With an eye toward the state’s growing population and aging tax code, Gov. Gary Herbert unveiled a $19 billion budget on Wednesday with a $200 million sales tax cut proposal as well as full Medicaid expansion and an education boost.
“Our budget is designed to maintain the great quality of life we’ve come to appreciate and expect and still allow for continued economic growth and expansion,” he said. “That’s a challenge.”
Speaking at Lehi nonprofit Silicon Slopes, home of the state’s burgeoning tech community, Herbert said his proposed budget will address the state’s growth-related challenges such as air quality and crowded schools while modernizing the state’s tax code.
The Republican governor’s signature proposal this year would allocate $200 million of new revenue to create a net sales tax cut reduction targeted at lower- and middle-income families while also proposing a host of new taxes and fees for lawmakers to consider.
“It’s a heavy lift,” he said of the number of proposals lawmakers will need to consider — from closing loopholes to taxing luxury services such as limousine rentals and cosmetic surgery. The Legislature has the final say over the state budget when it meets in January for the general session.
“We’re going to recommend to fix these inequities that disproportionately affect low- to middle-income earners,” said Herbert.
Over the last few decades, the state has experienced a decline in sales tax revenue as the economy has shifted toward online commerce and service-based businesses.
The governor said he hopes by broadening the base of goods and services taxed, the state will stabilize its coffers. At the same time, he said, offsetting those regressive levies with an income tax credit for lower income brackets could still yield savings for most taxpayers.
“If everybody pays their fair share, they can pay less,” said Kris Cox, director of the Governor’s Office of Management and Budget. “Our sales tax rate is the most vulnerable, and the most in need of reform.”
The governor’s budget blueprint is seeking a sales tax rate that is below 4 percent, down from its current 4.85 percent.
Pressed on the inclusion of a controversial food tax hike in his proposal, Herbert said he was not personally recommending it but would leave it on the table as a range of options lawmakers discuss next session.
“It depends on what the offset is,” he said.
The budget marks a 13 percent increase over the previous year’s, mostly due to a voter-approved expansion of Medicaid that would add close to $1 billion in spending.
More than $800 million of that will come from the federal government and only about $88 million from the state, funded through a slight increase in the sales tax.
Herbert, who opposed full expansion, warned that the sales tax increase that accompanied the law may not cover the state’s full share.
State budget experts say the low-income insurance program will now account for 26 percent of the budget, or about $3.5 billion, and cover 150,000 Utahns.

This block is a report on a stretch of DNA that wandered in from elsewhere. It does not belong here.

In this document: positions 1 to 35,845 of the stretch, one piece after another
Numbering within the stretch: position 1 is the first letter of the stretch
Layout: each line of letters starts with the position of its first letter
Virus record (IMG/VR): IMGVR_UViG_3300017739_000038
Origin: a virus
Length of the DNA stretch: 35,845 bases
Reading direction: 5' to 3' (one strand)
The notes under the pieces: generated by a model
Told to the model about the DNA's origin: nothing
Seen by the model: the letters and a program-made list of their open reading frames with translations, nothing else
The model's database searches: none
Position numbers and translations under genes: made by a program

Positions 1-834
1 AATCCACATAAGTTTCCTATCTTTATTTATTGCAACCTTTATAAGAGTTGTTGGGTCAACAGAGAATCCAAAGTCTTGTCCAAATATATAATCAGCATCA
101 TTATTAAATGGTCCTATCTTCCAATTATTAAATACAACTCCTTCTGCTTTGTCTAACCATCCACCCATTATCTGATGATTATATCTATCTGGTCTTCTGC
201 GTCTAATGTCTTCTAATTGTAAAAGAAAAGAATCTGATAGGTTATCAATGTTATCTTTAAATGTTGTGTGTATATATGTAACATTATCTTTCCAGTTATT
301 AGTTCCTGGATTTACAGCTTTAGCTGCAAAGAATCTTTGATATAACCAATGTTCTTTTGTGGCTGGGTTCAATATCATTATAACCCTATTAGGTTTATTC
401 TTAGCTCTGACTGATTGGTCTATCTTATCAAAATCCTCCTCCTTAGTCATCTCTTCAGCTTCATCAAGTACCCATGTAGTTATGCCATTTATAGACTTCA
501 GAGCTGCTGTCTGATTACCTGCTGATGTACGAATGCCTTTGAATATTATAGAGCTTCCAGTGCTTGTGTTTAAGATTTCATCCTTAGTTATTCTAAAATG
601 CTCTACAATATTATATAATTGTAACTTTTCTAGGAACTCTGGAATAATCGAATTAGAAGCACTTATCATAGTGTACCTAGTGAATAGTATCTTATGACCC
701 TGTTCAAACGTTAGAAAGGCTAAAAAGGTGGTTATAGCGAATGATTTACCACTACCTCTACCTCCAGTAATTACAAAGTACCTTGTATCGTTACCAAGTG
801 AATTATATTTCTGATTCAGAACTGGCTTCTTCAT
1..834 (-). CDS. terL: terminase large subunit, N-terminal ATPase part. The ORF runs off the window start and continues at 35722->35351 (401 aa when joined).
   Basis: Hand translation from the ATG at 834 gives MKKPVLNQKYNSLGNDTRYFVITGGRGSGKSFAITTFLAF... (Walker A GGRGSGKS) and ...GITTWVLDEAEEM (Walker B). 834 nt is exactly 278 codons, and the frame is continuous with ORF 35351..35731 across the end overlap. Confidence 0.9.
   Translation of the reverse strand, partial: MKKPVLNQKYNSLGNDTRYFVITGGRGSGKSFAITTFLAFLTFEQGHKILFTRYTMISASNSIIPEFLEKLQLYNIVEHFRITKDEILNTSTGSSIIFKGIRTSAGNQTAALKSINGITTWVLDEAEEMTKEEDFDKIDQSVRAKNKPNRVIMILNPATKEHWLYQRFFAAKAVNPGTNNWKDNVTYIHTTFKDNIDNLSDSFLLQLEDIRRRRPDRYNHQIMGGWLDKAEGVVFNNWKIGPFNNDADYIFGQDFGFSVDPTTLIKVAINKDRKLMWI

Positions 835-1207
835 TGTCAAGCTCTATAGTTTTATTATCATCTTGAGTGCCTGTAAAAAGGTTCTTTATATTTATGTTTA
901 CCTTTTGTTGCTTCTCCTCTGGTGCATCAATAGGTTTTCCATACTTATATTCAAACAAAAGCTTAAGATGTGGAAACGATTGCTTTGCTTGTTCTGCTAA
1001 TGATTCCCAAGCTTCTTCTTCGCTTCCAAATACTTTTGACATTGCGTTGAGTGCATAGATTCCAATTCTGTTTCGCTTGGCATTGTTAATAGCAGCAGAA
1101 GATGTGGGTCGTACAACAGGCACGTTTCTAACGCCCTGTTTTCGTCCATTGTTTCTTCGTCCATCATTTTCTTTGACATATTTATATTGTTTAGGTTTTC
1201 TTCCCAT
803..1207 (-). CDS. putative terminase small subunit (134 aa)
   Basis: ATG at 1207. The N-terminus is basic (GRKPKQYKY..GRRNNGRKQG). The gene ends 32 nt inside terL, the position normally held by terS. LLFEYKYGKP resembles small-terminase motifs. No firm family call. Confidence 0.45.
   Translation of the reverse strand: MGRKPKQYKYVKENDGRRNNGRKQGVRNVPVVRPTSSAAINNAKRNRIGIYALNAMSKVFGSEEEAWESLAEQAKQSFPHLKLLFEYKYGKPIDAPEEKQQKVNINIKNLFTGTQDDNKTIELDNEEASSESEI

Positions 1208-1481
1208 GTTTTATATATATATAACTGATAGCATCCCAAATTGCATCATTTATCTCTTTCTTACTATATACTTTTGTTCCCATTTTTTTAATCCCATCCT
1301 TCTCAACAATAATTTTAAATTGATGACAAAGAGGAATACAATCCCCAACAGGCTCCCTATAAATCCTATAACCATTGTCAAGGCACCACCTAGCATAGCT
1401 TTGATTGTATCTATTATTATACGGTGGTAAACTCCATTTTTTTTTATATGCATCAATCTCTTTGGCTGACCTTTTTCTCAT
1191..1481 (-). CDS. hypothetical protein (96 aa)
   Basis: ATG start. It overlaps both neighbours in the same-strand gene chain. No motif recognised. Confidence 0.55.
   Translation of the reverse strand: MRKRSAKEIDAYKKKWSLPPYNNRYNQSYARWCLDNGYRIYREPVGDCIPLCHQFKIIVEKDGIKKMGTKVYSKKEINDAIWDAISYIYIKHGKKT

After voters rejected a gas-tax question to raise money for schools, Herbert said he is again prioritizing education in his budget, adding $445 million in new spending.
He said with this year’s proposal he’ll meet his administration’s goal of pouring $1 billion into the public education system in four years instead of five.
“The economy really is the goose that’s laying the golden egg,” he said.
Much of the new ongoing money comes from a complex funding compromise reached between the Legislature and backers of the education reform initiative Our Schools Now last session.
That works out to a 4 percent weighted pupil unit and $11,500 per student statewide.
“We can’t have long term economic success without a skilled workforce,” Herbert said.
The budget suggests another $30 million in one-time teacher bonuses and $32 million for school counseling and mental health prevention as the state grapples with a skyrocketing youth suicide rate.
Air Quality & Water
As winter inversion season starts, Herbert said he wants to pour an “unprecedented” $100 million of investment to address air quality issues. Utah’s Department of Environmental Quality can use those funds, he said, for updating old equipment and grant programs for swapping out gas lawn mowers or wood-burning stoves.
“The environmental issues are real,” he said, noting the state has work to do meet a goal of 25 percent reduction in carbon emissions by 2026.
As to the state’s most precious resource — water — Herbert will also push a statewide user fee to pay for water, a funding shift from current sales tax earmarks.
“The more that we can promote user fees, we feel, the better control individuals have over what they use and the more likely they are to conserve,” said budget director Kris Cox.
The governor is also proposing $50 million to encourage adoption of water-saving technologies, including smart meters for all schools, homes and state buildings.
$50 million to fund a higher education endowment for low-income, first-generation college students.
$6.2 million for an accelerator program designed to get college students to earn bachelor’s degrees in three years.
$20 million to purchase land to create Utah’s first state forest at Tabby Mountain in Duchesne County.
$17 million for the Olene Walker Fund to support affordable housing projects statewide.
$5 million to implement Utah Medical Cannabis Act passed by the Legislature on Dec. 3 during a special session.